One component of raw feeding, although not very glamorous, is to oversee stool production. Monitoring a dog’s or cat’s stool outcome helps pet parents determine how the pet is tolerating the raw diet and if any adjustments are needed.
Raw foods added to a dog’s or cat’s meal directly affect stool production. At the beginning of raw feeding, it is recommended to check stool production and consistency throughout the transition and when introducing new foods to identify any problem areas that may need adjustments. Achieving the perfect poo relies on multiple factors:
Once multiple variables are identified and adjustments are made for individual requirements, achieving the perfect poo is a sure sign the dog and/or cat is tolerating the new diet without any digestive complications.
Identify Stool Outcome
The food ingredients fed in a raw diet will directly affect the outcome of the stool once digestion is complete and the pet eliminates the waste. Sometimes the color of stool can be alarming if you are not prepared or knowledgeable on what to expect.
The color and consistency of the stool will assist in determining if the pet is tolerating the raw diet. Stool consistencies may vary day-to-day depending on the ingredients fed prior to elimination. However, if the pet’s stool consistency is frequently too loose or too hard, adjustments to the diet are necessary.
It happens, dogs and cats alike get loose stools which can be caused by a list of factors. When pets have loose stools, be sure to consider all variables that may have resulted in diarrhea.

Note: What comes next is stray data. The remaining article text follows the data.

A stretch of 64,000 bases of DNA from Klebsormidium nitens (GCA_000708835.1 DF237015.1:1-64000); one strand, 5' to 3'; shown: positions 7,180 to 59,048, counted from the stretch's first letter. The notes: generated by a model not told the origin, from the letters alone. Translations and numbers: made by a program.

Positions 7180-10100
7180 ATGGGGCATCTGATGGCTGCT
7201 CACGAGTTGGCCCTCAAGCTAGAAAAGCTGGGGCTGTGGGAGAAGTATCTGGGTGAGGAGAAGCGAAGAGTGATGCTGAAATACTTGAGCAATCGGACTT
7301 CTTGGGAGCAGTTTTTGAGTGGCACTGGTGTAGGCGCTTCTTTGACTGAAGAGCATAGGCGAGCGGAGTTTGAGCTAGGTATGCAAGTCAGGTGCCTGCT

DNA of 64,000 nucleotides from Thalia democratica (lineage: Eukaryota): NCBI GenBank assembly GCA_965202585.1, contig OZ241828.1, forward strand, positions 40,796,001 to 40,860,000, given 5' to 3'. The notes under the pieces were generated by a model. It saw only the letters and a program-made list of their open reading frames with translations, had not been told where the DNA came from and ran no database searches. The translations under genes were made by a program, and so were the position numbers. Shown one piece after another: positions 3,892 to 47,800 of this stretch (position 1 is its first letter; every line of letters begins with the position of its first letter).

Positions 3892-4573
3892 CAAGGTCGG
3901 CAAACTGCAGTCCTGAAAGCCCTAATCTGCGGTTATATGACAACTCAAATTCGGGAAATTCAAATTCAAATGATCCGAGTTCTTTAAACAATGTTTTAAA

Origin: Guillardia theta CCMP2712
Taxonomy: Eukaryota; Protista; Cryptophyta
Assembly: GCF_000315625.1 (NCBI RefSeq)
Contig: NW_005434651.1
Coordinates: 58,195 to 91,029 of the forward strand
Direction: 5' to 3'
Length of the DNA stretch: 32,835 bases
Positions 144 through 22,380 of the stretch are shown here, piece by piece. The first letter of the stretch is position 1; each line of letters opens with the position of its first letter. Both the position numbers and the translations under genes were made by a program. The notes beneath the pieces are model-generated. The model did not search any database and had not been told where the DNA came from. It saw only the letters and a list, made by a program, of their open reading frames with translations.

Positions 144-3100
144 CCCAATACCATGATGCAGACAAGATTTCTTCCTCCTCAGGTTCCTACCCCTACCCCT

There are a few steps to treat diarrhea. However, it is important to seek veterinary care if the dog or cat has loose stools for more than 24 hours, paired with lethargy, pale gums, and refusing to drink water.
A diet diary is ideal for dogs and cats who frequently have diarrhea to document each meal fed, all ingredients, and the stool consistency to follow. Tracking the diet and stool provides an avenue to pinpoint ingredients in the diet that may be causing digestive upset. Always adjust to the pet’s individual needs and eliminate all foods from the diet that consistently causes loose stools.
In contrast to diarrhea, constipation can also occur in raw fed pets. Overfeeding calcium-based foods, particularly raw meaty bones, will result in hard and chalky stools. Many pets are capable of eliminating hard stools. However, if too much bone has been fed, constipation is possible.
More often than not, the stool consistency becomes extremely hard when dogs and cats have consumed too much calcium. The stool production resembles small pebbles or rocks and they may be light grey or even white.
There are a few steps to treat constipation. However, if the dog or cat has been straining to defecate without successful stool production for more than 24 hours, seek veterinary care.
A diet diary is ideal for dogs and cats who frequently have constipation to document each meal fed, all ingredients, and the stool results. Tracking the diet and stool provides an avenue to determine how much raw meaty bone the pet can tolerate. Always adjust to the pet’s individual needs and reduce the amount of raw meaty bones or change the type of raw meaty bone being fed if the diet consistently causes constipation.
There are a few supplements beneficial to helping aid with digestion to prevent diarrhea as well as treat constipation.
These are not requirements for raw diets but are beneficial for dogs and cats who need additional digestive support to achieve the perfect poo.
Diarrhea and constipation can happen to any pet but it is best to be informed and prepared for when it happens. Like humans, dogs and cats have individual needs that may differ from the next pet. It is important to identify these needs and adjust the diet which will assist in achieving the perfect poo.